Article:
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THOR OF THE STAR OF BETHLEHEM; A GUIDE TO THE SAVIOUR;'

LIVES OF EMINENT ORATORS AND STATESMEN,' ETC.

'I DESIRE TO LIVE ONLY FOR GOD'S GLORY!'-Doddridge.

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PHILADELPHIA:

IB. LIP PINCOTT & C 0.

1369.

PX 52 ??
DTH

67238 Entered according to Act of Congress, in the year 1864, by

D. A. HARSHA, In the Clerk's Office of the District Court of the United States

for the Northern District of New York.

PREFACE

To persons of refined minds, and of sincere and ardent piety, it must afford great pleasure and profit to study carefully the life, character and writings of Philip DOODRIDGE, a name ‘on wbich all who have sympathy with the generous, the benevolent and the devout will ever delight to linger.' The object of the present volume is to sketch the personal history and character of this excellent divine; to give some account of his times and of some of his distinguished cotemporaries; and to present a few choice specimens of his style.

The author has aimed to give a clear, succinct and comprehensive account of the principal events in the active and valuable life of Dr. Doddridge, in chronological order, with special reference to the interesting, touching and melancholy scenes of his last days, till the happy hour when, without one cloud of gloom,' bis spirit winged its way to God. The dates and leading circumstances connected with his most important publications are also given, with brief criticisms on their peculiar merits.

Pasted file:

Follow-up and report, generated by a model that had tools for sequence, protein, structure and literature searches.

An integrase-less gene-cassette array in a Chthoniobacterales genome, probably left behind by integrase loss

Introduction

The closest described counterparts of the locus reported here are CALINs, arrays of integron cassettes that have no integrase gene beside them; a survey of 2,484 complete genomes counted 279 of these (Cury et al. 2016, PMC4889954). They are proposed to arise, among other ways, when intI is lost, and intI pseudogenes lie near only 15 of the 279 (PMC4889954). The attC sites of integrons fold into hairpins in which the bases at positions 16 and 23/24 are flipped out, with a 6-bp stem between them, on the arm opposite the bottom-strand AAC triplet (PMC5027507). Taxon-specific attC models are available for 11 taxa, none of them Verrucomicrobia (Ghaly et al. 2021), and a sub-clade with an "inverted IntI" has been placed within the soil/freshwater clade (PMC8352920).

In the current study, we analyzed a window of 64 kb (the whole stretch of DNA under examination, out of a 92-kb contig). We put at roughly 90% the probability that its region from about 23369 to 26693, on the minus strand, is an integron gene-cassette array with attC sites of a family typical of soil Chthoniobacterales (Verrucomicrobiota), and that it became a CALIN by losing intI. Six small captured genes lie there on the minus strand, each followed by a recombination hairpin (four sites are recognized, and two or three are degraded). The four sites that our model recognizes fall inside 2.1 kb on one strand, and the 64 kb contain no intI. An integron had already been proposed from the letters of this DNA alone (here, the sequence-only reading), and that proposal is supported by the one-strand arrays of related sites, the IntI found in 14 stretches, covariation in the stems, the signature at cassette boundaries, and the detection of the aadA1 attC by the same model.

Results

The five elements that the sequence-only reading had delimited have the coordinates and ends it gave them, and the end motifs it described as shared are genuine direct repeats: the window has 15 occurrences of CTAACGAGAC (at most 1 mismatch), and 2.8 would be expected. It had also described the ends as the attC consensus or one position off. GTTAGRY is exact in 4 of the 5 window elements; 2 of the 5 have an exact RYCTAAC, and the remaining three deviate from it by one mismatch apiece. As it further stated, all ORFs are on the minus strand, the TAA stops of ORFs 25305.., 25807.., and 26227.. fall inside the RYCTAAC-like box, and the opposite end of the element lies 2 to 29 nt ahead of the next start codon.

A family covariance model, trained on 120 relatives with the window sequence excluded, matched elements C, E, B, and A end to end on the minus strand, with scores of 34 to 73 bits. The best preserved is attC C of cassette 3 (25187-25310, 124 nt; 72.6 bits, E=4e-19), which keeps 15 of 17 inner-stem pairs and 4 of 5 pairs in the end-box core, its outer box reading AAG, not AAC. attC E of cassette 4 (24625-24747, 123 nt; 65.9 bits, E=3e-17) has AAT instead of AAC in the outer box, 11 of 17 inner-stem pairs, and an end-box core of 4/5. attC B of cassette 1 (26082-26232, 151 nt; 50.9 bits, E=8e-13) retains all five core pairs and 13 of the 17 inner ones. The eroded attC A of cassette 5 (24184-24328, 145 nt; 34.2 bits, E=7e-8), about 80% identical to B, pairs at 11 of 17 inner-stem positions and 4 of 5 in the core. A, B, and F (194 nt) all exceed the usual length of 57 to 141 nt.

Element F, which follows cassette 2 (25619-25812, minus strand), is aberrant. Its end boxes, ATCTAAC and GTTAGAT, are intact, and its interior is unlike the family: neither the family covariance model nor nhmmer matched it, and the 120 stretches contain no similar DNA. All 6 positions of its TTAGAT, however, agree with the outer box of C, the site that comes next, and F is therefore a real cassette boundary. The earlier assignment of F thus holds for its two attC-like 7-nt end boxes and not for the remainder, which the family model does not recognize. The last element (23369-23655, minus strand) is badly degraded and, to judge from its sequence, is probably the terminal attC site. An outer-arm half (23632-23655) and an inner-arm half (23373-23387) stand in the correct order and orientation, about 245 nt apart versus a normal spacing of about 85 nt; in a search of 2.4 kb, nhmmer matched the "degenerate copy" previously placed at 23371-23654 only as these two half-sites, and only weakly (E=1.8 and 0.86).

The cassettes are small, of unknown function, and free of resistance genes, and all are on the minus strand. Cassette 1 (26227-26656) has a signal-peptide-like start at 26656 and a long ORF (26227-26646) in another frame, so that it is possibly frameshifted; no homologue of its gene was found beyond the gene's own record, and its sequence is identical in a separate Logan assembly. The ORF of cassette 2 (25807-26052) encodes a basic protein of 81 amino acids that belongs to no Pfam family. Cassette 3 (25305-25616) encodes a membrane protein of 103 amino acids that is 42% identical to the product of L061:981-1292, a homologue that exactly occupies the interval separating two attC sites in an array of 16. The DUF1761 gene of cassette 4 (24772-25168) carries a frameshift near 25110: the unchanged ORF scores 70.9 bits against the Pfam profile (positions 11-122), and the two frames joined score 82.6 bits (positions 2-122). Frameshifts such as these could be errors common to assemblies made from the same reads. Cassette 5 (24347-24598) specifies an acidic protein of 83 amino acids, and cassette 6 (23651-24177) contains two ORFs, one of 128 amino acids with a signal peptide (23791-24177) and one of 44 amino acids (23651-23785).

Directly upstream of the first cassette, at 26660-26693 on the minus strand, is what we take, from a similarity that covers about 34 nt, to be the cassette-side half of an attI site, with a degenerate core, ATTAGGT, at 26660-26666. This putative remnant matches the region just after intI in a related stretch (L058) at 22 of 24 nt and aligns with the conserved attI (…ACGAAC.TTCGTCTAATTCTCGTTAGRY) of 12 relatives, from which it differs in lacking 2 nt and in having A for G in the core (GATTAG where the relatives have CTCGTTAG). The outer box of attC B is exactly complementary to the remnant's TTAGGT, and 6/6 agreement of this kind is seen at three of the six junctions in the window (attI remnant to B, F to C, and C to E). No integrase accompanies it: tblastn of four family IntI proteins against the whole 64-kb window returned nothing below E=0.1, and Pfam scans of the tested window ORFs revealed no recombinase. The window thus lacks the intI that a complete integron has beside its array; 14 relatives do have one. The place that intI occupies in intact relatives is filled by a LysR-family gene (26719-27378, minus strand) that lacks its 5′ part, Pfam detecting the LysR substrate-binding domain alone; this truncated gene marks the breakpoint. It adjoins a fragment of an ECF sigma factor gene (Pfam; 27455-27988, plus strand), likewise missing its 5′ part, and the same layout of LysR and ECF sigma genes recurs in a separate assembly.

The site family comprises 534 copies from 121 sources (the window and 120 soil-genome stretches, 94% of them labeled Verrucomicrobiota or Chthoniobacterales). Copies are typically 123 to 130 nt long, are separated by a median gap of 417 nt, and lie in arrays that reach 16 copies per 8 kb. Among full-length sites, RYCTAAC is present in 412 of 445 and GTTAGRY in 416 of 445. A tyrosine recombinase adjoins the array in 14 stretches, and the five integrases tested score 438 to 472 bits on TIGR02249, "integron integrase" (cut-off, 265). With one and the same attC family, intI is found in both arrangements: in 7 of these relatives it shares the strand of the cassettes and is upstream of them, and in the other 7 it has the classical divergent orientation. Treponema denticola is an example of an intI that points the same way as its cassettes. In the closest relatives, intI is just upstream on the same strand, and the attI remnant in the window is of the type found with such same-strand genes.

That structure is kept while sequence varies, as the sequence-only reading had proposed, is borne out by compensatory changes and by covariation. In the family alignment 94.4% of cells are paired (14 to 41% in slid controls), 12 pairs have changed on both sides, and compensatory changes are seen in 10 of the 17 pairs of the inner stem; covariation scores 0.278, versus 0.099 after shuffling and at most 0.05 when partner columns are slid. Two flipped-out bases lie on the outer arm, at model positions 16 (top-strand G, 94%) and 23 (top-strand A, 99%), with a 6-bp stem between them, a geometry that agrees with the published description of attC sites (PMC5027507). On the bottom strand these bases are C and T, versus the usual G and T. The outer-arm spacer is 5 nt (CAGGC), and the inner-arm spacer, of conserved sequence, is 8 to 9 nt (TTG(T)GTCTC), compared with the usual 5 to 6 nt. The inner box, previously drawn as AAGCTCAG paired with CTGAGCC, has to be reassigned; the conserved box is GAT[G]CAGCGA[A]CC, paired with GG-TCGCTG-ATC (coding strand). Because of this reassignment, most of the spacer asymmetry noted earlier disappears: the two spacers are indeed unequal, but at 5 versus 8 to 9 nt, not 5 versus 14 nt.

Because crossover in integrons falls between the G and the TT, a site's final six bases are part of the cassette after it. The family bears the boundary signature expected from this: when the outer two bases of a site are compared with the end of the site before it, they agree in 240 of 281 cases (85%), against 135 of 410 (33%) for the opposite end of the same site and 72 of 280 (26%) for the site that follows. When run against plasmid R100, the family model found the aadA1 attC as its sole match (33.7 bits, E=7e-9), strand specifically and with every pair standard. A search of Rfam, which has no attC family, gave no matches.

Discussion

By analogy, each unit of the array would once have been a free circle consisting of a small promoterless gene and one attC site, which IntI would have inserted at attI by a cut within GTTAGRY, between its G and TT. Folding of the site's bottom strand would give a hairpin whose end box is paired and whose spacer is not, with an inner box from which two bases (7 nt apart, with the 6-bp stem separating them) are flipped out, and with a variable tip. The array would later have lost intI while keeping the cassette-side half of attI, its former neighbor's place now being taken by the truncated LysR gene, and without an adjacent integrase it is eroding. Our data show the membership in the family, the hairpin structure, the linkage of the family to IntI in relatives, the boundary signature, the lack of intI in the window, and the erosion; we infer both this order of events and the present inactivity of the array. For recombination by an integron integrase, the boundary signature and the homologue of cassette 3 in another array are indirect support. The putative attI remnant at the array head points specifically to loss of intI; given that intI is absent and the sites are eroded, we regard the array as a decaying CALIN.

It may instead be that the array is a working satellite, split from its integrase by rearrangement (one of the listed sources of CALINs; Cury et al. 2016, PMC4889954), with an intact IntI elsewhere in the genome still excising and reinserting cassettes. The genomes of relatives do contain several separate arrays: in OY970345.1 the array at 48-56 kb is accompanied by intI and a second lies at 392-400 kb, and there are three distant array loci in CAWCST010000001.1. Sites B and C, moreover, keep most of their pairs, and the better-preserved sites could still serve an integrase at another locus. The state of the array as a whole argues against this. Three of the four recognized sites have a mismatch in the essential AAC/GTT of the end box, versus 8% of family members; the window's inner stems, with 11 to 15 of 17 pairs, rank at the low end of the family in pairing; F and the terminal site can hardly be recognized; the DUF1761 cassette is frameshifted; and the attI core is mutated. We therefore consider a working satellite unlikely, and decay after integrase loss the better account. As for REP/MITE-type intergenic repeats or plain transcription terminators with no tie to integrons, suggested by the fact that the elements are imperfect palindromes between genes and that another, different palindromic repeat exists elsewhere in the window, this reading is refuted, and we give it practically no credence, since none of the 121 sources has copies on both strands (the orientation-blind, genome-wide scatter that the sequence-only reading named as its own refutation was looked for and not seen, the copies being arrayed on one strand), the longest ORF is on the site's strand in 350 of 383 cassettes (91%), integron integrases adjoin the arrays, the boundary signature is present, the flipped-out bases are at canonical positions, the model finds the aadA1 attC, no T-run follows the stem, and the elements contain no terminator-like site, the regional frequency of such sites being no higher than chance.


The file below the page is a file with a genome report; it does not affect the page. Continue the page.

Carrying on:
Some of the gems of Doddridge's epistolary correspondence, throwing light on a variety of interesting matters, are interwoven with the biographical narrative. It is worthy of remark, that some of his earlier letters, written in the midst of rural delights, in his free and fresh communion with nature, display more of the beauties of imagination and of style than his later writings, reminding one, frequently, of the easy, graceful and vigorous letters of Pope, Gray, and some other distinguished writers of the classic age of Queen Anne and George I. The remark which Mr. Morell bas made respecting Doddridge is, we think, very true, that none who have read his earlier correspondence can doubt, that if he had chosen to direct the

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